Written by Clare Donoghue — Detective Inspector Mike Lockyer, working in South East London, has his hands full with a triple murder. A serial killer is on the loose and the victims, all young women, have similar profiles. And it’s assumed the killer is just getting warmed up.
Lockyer is an accomplished detective, but is also the victim of a failed marriage and his own infidelity. He wears his wedding ring on a chain as a reminder. When not hunting down killers, he visits his autistic brother who lives in a special care facility. Lockyer’s juggling of his personal life and work becomes precarious when he realises the latest victim resembles his own daughter. The DI is ably aided by Senior Detective Sergeant Jane Bennett, a sharp and by-the-book cop whose own personal struggles are subtly revealed during well-crafted scenes of police work.
When it’s learned that all of the murder victims have had an abortion at the same clinic prior to meeting their demise, eyes turn towards the clinic’s creepy owner. Meanwhile another woman, Sarah Grainger, who fits the profile of the other murdered woman, is sure she’s being stalked by an unknown stranger. This is confirmed when she receives phone calls and chilling notes on her doorstep.
The author expresses the fear and paralysis felt by stalking victims extremely well. She further infuses the besieged victim’s palpable terror with the additional threat of murder as Lockyer’s case progresses. Is it the same perpetrator? The original title for this novel, The Watcher, is arguably truer to the essential tenor of the book, which is the ambiguous identity of the killer. In any case, Clare Donoghue keeps us on edge and guessing all the way with red herrings and gruesome crime scenes.
This is Donoghue’s first novel and it’s written with such a sure hand that its preliminary pages were longlisted for the CWA Debut Dagger Award in 2011. The author has apparently studied the crime fiction genre well and knows how to bring out its best aspects. She makes short work of establishing realistic characters and brilliantly portrays the desperation of crime victims, the professional and personal conflicts of investigators, and the awfully intimate act of murder itself.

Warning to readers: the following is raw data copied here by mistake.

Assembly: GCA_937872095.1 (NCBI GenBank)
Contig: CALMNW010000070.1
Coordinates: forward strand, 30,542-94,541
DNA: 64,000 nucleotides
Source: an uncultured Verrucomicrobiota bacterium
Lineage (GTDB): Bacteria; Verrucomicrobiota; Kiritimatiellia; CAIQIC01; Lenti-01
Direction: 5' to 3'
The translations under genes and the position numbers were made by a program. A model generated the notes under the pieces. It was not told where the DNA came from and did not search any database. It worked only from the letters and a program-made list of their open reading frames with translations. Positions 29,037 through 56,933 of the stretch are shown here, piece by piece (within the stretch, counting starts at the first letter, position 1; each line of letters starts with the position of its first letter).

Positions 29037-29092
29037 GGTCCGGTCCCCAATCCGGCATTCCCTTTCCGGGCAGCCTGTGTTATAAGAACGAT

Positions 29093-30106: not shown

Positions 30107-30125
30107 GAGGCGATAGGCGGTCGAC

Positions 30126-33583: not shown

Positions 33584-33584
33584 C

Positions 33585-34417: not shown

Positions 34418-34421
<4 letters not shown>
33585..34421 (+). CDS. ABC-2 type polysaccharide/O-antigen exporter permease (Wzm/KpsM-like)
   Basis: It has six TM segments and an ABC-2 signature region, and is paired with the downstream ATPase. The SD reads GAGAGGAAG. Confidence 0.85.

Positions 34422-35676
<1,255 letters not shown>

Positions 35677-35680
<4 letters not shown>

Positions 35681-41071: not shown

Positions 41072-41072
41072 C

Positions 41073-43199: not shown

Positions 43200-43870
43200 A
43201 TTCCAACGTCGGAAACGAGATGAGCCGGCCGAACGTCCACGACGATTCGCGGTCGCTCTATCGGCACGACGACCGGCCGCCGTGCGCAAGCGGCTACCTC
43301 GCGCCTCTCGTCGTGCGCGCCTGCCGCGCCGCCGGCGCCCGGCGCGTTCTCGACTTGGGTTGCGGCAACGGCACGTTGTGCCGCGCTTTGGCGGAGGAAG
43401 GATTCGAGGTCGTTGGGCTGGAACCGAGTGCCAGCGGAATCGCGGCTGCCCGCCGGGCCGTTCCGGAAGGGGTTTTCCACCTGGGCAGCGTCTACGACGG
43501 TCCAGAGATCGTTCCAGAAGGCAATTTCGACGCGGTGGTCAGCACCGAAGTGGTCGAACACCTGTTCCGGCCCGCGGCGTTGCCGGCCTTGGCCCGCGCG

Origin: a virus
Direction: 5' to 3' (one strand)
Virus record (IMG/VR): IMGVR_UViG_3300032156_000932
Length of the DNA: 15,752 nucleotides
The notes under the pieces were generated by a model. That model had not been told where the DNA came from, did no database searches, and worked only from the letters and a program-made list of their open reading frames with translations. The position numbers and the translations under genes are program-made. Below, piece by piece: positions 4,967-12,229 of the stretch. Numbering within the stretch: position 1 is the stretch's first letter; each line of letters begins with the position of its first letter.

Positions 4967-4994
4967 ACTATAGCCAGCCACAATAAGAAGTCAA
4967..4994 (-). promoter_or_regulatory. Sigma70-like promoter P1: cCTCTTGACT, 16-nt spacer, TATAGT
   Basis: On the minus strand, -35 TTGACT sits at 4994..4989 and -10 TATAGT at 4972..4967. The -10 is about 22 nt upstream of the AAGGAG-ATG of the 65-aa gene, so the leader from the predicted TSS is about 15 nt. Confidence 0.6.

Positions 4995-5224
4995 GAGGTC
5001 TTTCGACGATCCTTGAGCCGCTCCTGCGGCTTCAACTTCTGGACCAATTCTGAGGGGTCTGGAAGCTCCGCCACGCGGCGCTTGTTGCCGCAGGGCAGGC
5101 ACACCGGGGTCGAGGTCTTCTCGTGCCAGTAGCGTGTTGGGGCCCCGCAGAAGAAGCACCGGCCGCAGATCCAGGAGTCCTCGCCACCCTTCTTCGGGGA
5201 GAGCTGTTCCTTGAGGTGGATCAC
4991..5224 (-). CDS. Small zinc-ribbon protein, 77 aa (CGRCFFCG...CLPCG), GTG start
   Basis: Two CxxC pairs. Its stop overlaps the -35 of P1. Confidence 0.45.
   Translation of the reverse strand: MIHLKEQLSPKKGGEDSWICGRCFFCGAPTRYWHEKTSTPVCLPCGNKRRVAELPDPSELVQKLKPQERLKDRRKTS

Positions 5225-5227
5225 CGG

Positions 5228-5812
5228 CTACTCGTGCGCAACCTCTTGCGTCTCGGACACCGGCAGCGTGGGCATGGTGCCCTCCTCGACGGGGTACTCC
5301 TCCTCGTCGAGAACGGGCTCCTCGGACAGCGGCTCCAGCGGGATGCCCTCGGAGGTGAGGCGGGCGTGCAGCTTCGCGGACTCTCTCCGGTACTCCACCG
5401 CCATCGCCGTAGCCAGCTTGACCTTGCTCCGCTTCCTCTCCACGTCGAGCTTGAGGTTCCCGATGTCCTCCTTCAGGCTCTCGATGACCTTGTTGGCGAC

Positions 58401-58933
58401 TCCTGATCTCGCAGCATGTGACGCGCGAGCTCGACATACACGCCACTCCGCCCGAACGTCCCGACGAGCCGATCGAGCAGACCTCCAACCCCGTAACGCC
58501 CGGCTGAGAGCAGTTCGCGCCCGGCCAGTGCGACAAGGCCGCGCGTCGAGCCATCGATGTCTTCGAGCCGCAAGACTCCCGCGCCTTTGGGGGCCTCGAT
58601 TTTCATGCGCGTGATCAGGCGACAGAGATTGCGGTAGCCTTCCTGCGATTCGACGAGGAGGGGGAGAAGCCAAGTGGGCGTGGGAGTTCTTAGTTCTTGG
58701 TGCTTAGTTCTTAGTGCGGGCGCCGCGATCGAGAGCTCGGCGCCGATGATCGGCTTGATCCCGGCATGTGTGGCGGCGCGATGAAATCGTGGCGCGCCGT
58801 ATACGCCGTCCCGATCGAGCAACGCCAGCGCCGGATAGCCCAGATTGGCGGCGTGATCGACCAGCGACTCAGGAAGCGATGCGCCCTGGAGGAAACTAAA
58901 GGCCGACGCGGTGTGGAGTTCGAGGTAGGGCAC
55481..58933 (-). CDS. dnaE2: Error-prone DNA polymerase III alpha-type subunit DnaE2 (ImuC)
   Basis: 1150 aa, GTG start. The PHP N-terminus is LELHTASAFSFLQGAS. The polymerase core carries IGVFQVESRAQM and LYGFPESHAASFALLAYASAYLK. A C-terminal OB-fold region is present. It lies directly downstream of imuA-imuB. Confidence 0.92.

The beleaguered Lockyer sees his personal and professional lives become blurred, while family crises develop in parallel with his increasingly intimate relationship with the stalked Sarah. She could be the killer’s next victim, so the closer to her he gets, the more dangerous things could become. To complicate things further, an indirect link to his daughter is discovered in the investigation. Things get even more tense when the killer intrudes directly into Lockyer’s personal life – while visiting his autistic brother, Lockyer finds a clue to the murders in his brother’s room.
The book also contains a masterful and poignant description of autism. At first it seems like a sentimental aside, but we soon learn it has an important role in the story. Everything is connected in this thrilling novel, a white-knuckler until the last page, as Lockyer rushes to catch the serial killer and protect those he loves most.
Never Look Back is heartfelt, riveting, and as suspenseful as they come. Highly recommended for fans of nail-biting thrillers and classic whodunnits, it’s out on 13 March.
CFL Rating: 5 Stars